Tuesday, January 13, 2015

A Thought for Tuesday 13 January 2015

“My soul is troubled, and what shall I say?  Father, save Me from this hour?  But for this purpose I came to this hour.  Father, glorify Your Name.”  John 12:27-28a NKJV

Jesus is troubled perhaps because the reality of what He must do is beginning to bear down on Him.  We must always remember Jesus never gleefully went to the Cross!  He was as fully human as you and I, so He was quite capable of grief.  He was also, probably better than you or I, very in tune with the Father’s will.  Though this course He was on would not have been His preferred course (“Father, take this cup from me, yet not as I will but as You will”), Jesus would nevertheless go forward.

Divine Will in human minds is as much a moving target as a rabbit drawing predators away from her young.  We often confuse intense desire with Divine Will, convincing ourselves that because we want it so badly (regardless of what “it” is), The Lord must have “placed it on my heart”. 

Maybe, but we must not dismiss the reality that we have minds of our own.  We have our own ambitions and desires, many (maybe most) of which have nothing to do with The Lord, The Church, or service to our neighbor.  Marriages have broken up because one spouse or the other has confused “lust” (personal desire) with genuine love (sacrificial).  Disastrous decisions of all kinds have come because our own desires have clouded our judgment to the point that we have sought what feels right instead of seeking righteousness.  We seek “happiness”, failing to realize happiness comes as a result of finding and fulfilling true purpose.

What to do?  We cannot outrun our humanness.  We cannot deny that we have desires, and we dare not suggest that what is revealed in the Scriptures for us to know somehow does not apply to us in our particular situation – for The Lord does not show partiality.  Prayer sounds a little too simple for many because maybe most of us are geared toward action.   We know (or we think we know) what needs to be done, so we just do it.  But how often does The Church factor into our decision-making?  I don’t mean just being in church on Sunday.  I mean, the Life of the Church should reflect the Life of Christ.  How often do our decision-making processes take this reality into account when we decide what to do?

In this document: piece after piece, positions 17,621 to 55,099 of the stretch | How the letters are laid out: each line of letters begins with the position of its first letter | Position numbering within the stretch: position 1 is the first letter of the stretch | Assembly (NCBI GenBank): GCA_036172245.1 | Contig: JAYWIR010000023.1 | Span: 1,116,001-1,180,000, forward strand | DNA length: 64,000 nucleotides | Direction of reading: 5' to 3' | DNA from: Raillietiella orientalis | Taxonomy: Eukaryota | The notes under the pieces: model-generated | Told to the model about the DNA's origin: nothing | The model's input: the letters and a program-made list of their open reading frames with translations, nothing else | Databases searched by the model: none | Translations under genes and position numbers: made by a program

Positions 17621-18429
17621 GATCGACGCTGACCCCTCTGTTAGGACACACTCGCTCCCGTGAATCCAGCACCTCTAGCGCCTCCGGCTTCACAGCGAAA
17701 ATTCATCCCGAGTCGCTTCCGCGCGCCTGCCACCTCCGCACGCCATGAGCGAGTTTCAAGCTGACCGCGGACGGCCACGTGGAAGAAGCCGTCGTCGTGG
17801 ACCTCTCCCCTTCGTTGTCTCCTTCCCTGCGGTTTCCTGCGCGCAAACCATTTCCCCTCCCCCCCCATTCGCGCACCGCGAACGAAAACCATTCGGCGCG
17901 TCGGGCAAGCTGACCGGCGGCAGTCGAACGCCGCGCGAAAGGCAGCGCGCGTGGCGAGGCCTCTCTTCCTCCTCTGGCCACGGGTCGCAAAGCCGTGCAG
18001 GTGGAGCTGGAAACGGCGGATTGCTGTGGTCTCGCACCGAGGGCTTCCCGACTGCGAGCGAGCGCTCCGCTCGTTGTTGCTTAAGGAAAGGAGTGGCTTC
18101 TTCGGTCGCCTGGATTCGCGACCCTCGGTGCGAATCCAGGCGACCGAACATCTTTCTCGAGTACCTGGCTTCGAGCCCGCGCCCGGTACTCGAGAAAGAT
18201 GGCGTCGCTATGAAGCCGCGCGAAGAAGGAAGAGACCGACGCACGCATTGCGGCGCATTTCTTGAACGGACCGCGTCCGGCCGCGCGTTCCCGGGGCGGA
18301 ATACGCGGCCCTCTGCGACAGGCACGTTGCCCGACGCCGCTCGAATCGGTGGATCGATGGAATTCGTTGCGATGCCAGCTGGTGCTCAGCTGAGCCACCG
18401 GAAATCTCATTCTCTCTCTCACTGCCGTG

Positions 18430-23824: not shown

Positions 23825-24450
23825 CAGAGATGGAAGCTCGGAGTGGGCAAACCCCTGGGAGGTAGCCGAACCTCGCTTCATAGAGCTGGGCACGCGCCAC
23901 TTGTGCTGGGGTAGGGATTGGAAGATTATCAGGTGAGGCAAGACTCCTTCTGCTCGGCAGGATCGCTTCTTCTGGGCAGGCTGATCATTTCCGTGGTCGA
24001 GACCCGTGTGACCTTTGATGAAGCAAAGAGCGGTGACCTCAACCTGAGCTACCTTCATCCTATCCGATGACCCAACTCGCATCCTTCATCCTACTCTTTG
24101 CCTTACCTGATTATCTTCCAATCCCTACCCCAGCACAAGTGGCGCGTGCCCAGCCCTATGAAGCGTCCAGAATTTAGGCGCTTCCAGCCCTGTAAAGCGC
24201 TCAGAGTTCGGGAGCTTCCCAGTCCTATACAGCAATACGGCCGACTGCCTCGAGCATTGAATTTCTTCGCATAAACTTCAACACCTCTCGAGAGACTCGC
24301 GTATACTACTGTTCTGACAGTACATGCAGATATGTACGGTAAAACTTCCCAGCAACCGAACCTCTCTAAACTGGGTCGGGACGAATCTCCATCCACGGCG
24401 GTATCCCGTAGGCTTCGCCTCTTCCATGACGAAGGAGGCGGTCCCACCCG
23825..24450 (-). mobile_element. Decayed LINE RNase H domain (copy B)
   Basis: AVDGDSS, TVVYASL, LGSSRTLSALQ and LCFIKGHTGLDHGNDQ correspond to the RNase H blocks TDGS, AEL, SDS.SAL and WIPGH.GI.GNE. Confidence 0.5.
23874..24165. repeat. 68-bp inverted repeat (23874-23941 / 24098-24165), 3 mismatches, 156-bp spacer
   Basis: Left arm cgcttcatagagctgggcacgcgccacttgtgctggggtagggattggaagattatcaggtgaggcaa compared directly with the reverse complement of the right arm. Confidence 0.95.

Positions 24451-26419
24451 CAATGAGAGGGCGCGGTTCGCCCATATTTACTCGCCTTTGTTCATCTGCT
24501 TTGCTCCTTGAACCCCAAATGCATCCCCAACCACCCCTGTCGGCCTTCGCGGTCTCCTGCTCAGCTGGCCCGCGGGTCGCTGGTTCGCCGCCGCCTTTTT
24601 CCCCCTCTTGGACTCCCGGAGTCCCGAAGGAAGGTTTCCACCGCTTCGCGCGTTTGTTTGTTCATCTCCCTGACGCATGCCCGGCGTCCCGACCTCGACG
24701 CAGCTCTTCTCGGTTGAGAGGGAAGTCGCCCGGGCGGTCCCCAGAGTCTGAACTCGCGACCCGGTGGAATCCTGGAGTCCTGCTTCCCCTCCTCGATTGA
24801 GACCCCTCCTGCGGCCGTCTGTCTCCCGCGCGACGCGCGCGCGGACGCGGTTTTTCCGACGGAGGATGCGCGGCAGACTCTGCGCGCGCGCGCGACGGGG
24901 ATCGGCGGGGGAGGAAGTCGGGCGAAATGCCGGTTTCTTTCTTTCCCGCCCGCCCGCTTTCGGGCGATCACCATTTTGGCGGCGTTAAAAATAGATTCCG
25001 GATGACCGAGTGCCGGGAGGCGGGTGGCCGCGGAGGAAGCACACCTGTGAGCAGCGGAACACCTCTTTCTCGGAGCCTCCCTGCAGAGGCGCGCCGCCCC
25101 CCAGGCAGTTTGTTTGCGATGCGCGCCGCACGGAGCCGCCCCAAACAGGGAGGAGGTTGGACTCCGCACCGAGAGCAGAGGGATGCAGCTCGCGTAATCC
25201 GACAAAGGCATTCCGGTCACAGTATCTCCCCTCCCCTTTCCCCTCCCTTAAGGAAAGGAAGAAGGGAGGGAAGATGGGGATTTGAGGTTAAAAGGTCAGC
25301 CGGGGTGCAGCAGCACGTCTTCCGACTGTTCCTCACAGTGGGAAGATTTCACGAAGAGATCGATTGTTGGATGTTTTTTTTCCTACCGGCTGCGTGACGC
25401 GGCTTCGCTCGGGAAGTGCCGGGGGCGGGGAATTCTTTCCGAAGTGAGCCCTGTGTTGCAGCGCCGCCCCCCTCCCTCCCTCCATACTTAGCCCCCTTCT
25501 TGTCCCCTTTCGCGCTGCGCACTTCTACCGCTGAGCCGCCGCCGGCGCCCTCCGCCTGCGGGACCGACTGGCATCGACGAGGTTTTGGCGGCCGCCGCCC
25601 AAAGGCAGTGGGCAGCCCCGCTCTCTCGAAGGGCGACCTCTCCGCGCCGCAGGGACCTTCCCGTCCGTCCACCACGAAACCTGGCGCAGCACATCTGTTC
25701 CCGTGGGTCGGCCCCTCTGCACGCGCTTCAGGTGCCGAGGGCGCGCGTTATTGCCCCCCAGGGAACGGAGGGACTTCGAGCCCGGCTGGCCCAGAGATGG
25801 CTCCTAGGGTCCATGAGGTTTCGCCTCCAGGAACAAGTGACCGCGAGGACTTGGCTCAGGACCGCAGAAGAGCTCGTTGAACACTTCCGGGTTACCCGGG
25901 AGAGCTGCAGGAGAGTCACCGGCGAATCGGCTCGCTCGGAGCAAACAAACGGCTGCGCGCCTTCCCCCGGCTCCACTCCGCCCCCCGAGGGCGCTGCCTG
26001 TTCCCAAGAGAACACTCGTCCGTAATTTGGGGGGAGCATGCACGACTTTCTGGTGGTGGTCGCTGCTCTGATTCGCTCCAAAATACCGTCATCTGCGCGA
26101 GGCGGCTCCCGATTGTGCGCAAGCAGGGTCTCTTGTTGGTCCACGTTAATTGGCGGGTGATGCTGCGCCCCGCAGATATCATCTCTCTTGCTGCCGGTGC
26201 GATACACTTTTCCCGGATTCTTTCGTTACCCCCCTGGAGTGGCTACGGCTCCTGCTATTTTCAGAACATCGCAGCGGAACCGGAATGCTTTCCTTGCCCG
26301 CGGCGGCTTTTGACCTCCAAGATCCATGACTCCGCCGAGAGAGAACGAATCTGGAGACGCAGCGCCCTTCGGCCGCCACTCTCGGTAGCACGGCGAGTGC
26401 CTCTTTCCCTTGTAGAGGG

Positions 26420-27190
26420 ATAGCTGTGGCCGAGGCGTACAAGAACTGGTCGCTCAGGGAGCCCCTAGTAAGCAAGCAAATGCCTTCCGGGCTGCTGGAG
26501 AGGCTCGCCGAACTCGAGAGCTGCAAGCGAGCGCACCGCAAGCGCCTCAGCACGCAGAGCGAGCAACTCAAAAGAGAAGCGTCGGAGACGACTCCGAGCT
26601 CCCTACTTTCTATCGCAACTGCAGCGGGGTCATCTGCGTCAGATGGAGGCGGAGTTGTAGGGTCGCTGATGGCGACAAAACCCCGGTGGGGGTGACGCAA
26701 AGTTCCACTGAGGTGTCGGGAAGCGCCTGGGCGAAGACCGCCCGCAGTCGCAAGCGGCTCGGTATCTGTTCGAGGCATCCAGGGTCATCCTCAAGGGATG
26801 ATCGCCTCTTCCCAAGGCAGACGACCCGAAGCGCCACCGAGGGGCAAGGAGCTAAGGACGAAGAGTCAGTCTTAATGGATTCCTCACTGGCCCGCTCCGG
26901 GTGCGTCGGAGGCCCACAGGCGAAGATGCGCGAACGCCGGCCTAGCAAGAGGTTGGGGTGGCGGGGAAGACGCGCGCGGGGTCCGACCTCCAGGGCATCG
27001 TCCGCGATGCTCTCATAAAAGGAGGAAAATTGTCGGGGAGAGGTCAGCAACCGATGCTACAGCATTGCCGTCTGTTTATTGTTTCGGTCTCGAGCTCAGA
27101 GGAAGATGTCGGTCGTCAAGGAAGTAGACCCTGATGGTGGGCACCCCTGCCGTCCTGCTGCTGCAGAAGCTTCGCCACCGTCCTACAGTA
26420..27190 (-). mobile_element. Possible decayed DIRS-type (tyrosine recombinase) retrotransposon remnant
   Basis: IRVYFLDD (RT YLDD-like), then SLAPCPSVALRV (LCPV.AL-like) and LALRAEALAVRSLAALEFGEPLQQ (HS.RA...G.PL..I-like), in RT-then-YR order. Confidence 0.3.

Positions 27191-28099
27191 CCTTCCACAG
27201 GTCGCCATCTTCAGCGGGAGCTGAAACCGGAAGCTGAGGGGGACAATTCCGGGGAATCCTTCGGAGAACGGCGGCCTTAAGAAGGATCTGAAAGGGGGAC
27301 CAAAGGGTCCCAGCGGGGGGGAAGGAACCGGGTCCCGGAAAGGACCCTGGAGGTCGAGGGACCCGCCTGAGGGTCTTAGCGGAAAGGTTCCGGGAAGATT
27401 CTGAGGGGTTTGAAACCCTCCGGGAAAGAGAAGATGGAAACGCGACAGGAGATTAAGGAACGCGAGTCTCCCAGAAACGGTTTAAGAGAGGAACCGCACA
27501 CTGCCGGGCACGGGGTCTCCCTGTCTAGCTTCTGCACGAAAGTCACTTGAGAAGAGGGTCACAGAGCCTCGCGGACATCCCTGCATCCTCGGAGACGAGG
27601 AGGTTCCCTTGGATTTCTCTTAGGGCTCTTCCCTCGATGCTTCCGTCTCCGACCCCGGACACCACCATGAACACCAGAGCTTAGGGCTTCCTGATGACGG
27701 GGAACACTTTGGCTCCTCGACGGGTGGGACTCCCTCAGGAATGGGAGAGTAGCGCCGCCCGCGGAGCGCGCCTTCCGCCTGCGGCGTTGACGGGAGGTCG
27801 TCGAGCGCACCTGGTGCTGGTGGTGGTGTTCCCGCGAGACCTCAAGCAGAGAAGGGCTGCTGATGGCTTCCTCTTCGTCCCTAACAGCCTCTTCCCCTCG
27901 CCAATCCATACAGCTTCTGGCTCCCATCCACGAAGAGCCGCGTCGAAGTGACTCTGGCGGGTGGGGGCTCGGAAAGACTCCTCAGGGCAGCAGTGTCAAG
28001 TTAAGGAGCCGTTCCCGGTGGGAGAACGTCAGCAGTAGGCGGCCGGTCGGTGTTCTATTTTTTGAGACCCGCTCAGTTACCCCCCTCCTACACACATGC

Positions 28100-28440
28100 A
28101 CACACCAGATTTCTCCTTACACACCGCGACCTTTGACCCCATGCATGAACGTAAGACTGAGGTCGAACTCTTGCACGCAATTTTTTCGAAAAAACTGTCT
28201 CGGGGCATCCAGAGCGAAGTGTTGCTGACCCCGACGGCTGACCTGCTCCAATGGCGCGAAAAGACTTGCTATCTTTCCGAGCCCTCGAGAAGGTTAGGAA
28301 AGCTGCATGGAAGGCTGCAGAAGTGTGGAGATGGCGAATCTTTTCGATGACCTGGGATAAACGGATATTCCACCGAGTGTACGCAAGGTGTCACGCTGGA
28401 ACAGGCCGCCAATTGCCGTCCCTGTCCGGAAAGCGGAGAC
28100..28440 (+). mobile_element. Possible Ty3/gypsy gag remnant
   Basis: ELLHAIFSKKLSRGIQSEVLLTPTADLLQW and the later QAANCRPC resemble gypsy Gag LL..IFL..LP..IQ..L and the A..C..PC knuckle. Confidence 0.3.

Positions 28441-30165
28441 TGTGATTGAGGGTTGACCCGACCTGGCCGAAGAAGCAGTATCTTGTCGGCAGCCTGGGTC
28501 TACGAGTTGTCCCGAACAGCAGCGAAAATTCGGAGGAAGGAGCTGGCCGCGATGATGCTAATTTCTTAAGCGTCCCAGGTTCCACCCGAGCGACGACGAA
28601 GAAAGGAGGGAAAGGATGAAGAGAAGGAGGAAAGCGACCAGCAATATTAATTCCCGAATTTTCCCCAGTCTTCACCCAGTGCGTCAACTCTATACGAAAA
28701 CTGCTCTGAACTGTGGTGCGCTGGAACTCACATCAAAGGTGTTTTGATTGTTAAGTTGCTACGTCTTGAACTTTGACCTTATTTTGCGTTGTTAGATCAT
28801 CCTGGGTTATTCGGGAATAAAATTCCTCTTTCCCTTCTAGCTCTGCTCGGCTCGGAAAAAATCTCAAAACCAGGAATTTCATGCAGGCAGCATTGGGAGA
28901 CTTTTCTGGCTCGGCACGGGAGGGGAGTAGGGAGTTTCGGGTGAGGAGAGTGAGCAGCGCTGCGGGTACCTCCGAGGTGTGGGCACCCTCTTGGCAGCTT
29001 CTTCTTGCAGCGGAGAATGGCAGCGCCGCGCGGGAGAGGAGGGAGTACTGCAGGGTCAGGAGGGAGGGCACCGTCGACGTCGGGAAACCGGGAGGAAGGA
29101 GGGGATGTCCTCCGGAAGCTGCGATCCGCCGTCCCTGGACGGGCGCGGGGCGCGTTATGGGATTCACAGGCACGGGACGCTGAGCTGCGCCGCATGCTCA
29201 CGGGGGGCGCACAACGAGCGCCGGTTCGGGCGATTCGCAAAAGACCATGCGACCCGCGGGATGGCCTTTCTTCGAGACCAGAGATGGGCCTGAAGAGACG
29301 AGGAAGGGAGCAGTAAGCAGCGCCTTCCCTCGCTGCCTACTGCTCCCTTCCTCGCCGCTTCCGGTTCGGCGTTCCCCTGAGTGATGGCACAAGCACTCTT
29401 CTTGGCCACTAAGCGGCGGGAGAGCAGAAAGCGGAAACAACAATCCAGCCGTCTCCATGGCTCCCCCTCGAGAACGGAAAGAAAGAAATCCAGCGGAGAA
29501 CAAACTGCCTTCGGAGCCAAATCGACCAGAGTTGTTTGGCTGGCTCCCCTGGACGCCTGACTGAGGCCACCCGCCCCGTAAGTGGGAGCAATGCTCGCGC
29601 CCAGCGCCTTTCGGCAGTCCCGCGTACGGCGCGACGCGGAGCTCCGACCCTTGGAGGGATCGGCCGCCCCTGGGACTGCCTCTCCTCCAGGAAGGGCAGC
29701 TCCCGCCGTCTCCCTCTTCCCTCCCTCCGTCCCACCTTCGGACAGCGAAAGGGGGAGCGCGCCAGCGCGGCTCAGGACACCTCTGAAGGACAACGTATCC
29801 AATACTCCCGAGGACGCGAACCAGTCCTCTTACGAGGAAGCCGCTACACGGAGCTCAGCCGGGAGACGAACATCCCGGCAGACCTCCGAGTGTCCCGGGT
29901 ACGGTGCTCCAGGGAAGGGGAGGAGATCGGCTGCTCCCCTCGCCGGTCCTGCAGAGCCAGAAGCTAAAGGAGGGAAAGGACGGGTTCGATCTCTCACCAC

Someone once said to me, “You do realize our real lives have nothing to do with the church, don’t you?”  And that, I think, is how most of us “believers” think.  Church is a place we go on Sunday, but we rarely consider church as something we do, something we are in our daily living, in our work, in our relationships, and in our decision-making processes.  And this is probably because we have managed to separate our “personal Lord and Savior” (the wish-granter and excuse-giver) from His Body which is the Church – which necessarily involves much more than any individual.

It is not enough to acknowledge Jesus had an intensely personal relationship with the Father so that He would “just know” what to do because if Jesus was as human as He is Divine, then surely He had human impulses.  We know our human impulses have not always served us well, and these impulses have done little constructive for the Church’s mission. 

Our failure to pray effectively (or at all) does not make us “bad”.  Rather our failure to pray leaves us incomplete.  It denies the very “holiness” to which we are called, and it leaves us open to influences that draw us away from The Lord rather than to His Body the Church.  Seeking Divine Will in all things protects us from vulnerability to less-than-holy things and persons.   “You will seek Me and find Me … when you search for Me with all your heart” (Jeremiah 29:13).



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